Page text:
WACAP (the West Africa Cocoa/ Agriculture Project) was launched on the 15 July 2003. WACAP aims to stop the use of child labour in cocoa farms and agriculture. The 3-year project applies to 5 countries in West Africa, seeks to release and educate 10000 children below the age of 18 from exploitation on farms. WACAP was initiated as an answer to the threats from Europe and the US to boycott cocoa products, over concerns of the use of children in the production process. This would have created huge problems for the economies of the countries that depend on income from Cocoa products.
The Ghanaian government received a grant of $2.3million from the US Agency for International Development to assist in the process of eradicating child labour in the cocoa production and providing opportunities for the children involved. To date 2,000 children have been withdrawn from working under these conditions. The majority of the projects not only focus on removing the children from the practice but also to integrate them into society and education. http://www.ghanaweb.com/
45 children who were abducted by The Lords Resistance Army (LRA) in Uganda have drowned. The LRA forced the children to cross a flooded river after government soldiers blocked the only bridge. The children aged between 9 and 15 died in the Moroto River on 15 July 2003. The LRA are fighting against President Yoweri Museveni's secular government and are using a brutal campaign against civilians to get their voices heard.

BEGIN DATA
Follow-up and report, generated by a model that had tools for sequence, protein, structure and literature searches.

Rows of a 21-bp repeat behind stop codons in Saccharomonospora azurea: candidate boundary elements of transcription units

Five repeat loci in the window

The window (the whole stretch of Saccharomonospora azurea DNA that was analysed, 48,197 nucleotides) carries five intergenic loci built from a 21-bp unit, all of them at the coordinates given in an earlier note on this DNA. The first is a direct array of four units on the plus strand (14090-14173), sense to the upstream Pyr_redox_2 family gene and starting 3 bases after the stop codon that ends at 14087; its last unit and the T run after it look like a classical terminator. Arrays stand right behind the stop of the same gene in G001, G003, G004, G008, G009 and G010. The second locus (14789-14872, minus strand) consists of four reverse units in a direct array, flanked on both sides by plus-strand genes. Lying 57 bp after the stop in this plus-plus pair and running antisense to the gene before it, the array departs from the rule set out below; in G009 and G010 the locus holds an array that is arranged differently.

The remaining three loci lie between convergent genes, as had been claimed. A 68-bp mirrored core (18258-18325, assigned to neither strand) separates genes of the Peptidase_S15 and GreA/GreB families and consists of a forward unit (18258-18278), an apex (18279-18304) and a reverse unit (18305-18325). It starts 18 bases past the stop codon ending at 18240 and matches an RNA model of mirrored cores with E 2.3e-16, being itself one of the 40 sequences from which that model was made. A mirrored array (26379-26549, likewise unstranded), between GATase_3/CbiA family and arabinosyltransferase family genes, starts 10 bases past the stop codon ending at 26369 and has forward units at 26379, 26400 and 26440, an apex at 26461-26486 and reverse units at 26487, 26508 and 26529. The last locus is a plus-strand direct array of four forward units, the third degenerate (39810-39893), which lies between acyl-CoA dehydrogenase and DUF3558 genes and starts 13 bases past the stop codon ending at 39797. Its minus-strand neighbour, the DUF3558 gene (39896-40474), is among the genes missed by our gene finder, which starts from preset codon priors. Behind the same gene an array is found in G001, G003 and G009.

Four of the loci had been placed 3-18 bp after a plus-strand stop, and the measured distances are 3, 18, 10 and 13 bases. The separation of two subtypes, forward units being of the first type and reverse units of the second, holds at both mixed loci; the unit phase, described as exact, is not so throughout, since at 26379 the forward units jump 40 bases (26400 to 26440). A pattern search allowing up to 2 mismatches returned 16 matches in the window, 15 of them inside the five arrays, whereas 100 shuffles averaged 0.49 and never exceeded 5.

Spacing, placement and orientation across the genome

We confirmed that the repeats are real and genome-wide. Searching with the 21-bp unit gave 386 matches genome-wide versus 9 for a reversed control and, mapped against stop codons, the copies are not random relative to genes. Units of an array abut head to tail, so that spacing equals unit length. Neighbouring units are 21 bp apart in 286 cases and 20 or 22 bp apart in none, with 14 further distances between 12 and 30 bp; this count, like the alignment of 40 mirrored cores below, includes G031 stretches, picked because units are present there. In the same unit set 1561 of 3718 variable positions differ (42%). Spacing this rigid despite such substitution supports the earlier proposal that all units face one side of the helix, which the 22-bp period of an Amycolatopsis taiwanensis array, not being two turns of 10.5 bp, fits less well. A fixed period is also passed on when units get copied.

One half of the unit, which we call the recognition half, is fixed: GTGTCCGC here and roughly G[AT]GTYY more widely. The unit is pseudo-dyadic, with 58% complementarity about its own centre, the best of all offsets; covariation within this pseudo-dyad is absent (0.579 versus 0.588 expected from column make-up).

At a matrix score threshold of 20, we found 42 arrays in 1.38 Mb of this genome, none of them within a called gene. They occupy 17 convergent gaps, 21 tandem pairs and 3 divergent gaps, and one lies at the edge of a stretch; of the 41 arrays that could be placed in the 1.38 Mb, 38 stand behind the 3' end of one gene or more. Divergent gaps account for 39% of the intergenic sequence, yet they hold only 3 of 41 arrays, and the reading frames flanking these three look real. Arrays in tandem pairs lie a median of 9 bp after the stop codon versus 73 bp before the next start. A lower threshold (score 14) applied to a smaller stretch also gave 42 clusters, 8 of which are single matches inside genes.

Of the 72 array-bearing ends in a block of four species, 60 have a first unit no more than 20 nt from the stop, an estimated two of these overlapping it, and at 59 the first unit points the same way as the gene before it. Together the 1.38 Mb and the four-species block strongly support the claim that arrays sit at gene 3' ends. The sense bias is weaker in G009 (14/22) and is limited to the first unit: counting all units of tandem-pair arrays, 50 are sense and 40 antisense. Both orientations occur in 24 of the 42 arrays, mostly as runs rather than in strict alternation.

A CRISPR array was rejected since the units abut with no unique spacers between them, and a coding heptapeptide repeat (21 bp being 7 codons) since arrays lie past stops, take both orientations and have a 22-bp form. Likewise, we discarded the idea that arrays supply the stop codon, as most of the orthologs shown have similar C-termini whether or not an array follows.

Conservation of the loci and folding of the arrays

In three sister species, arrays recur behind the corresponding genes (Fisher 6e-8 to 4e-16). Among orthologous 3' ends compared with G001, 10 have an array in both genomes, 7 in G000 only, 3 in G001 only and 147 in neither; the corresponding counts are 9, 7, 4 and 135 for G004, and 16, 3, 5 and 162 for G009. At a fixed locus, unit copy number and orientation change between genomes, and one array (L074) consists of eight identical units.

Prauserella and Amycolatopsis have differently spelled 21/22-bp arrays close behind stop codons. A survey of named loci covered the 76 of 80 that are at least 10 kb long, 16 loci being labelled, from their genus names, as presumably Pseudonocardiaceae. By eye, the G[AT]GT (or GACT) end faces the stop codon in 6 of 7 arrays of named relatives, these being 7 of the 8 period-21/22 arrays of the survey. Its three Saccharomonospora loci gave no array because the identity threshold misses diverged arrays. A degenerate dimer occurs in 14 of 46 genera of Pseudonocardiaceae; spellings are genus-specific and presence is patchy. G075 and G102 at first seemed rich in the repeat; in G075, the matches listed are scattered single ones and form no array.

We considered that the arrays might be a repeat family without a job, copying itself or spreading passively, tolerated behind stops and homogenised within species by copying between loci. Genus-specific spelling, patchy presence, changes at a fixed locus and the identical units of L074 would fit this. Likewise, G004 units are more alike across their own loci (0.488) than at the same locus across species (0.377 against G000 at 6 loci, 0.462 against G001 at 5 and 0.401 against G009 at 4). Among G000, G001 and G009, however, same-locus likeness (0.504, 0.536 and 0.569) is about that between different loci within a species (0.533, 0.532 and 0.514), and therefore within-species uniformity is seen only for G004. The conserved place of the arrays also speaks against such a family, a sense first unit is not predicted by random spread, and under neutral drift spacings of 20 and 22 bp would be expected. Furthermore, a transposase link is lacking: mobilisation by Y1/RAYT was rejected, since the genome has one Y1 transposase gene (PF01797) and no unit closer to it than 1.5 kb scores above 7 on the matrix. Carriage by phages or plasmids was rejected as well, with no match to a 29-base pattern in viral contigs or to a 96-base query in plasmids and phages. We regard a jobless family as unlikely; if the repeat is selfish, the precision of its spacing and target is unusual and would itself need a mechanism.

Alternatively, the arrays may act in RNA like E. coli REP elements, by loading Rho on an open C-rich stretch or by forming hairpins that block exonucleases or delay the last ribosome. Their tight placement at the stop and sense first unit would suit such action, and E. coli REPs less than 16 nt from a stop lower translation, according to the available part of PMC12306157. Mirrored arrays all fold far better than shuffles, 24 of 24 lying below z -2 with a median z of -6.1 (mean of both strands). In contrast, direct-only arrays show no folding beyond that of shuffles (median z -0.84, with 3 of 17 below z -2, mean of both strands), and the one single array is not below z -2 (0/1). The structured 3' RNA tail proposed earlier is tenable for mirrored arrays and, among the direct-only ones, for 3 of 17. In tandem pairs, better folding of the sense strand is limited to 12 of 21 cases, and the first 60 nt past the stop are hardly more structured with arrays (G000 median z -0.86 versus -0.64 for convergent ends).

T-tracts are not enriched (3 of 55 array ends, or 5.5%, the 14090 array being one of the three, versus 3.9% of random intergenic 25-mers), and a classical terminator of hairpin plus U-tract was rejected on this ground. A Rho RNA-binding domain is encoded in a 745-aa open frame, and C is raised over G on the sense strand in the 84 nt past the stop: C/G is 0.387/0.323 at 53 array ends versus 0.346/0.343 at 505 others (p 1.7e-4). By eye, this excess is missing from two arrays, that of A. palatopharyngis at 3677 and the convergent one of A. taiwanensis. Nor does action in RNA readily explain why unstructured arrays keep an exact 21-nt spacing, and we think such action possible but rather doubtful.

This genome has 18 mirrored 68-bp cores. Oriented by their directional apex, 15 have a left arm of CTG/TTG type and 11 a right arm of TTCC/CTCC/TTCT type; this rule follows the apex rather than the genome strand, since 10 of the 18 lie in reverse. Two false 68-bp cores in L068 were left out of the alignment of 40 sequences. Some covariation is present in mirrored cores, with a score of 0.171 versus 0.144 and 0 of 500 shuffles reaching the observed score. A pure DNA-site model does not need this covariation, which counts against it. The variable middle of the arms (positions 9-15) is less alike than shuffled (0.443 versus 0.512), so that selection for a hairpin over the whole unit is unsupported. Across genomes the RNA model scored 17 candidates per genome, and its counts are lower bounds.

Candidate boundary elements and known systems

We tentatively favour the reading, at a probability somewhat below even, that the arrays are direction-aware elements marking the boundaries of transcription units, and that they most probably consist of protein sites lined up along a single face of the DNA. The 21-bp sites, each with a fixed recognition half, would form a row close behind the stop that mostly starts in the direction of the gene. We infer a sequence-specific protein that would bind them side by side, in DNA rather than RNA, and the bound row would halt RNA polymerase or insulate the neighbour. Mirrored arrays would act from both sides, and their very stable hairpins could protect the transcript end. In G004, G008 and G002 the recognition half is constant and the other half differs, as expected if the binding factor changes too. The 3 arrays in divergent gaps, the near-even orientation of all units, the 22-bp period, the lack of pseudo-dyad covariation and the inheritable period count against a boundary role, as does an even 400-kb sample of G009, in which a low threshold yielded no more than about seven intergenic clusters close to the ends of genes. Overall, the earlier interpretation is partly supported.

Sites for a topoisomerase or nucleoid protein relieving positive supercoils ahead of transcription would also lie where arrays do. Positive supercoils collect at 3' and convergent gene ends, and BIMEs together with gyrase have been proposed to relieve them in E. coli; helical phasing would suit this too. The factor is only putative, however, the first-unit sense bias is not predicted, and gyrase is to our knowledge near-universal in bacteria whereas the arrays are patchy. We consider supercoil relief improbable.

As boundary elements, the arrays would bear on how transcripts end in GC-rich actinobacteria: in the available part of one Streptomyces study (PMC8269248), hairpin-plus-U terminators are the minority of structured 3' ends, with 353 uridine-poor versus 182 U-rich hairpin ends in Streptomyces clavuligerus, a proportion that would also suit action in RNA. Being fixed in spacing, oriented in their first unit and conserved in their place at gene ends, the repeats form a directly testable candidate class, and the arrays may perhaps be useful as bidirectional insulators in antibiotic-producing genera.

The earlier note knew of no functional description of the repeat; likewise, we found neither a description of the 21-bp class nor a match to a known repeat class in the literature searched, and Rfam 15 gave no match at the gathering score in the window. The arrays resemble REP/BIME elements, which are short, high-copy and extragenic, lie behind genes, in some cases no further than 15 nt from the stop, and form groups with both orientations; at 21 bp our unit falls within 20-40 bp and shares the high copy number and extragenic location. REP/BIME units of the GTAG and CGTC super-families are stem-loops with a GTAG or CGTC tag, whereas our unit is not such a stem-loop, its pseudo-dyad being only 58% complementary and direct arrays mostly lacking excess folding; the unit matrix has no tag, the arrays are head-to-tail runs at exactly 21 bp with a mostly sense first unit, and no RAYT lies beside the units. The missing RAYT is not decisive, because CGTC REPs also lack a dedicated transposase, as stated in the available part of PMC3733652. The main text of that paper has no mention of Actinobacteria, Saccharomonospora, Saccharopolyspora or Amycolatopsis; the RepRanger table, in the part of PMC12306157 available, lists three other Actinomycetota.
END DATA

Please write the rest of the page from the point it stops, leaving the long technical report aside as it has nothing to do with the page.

Amnesty International has publicly condemned the use of the death penalty on people who commit crimes under age of 18. Brought to public attention once again over the case with Washington Sniper Suspect Lee Boyd Malvo. Malvo was charged with murder over the part he played in the shootings that began on October 2 2002. Under US federal Law a minor may be subjected to the death penalty. Malvo was 17 when he was arrested and charged with the murders.
The Convention for the Rights of the Child, which was adopted by the United Nations General Assembly in November 1989, seeks to uphold protection for children. It guarantees children all over the world to: the right to life, liberty, education and healthcare. It also provides protection under the following conditions:
It is the single most widely ratified treaty in existence today and has been signed by every country in the world with the exception of the United States and Somalia.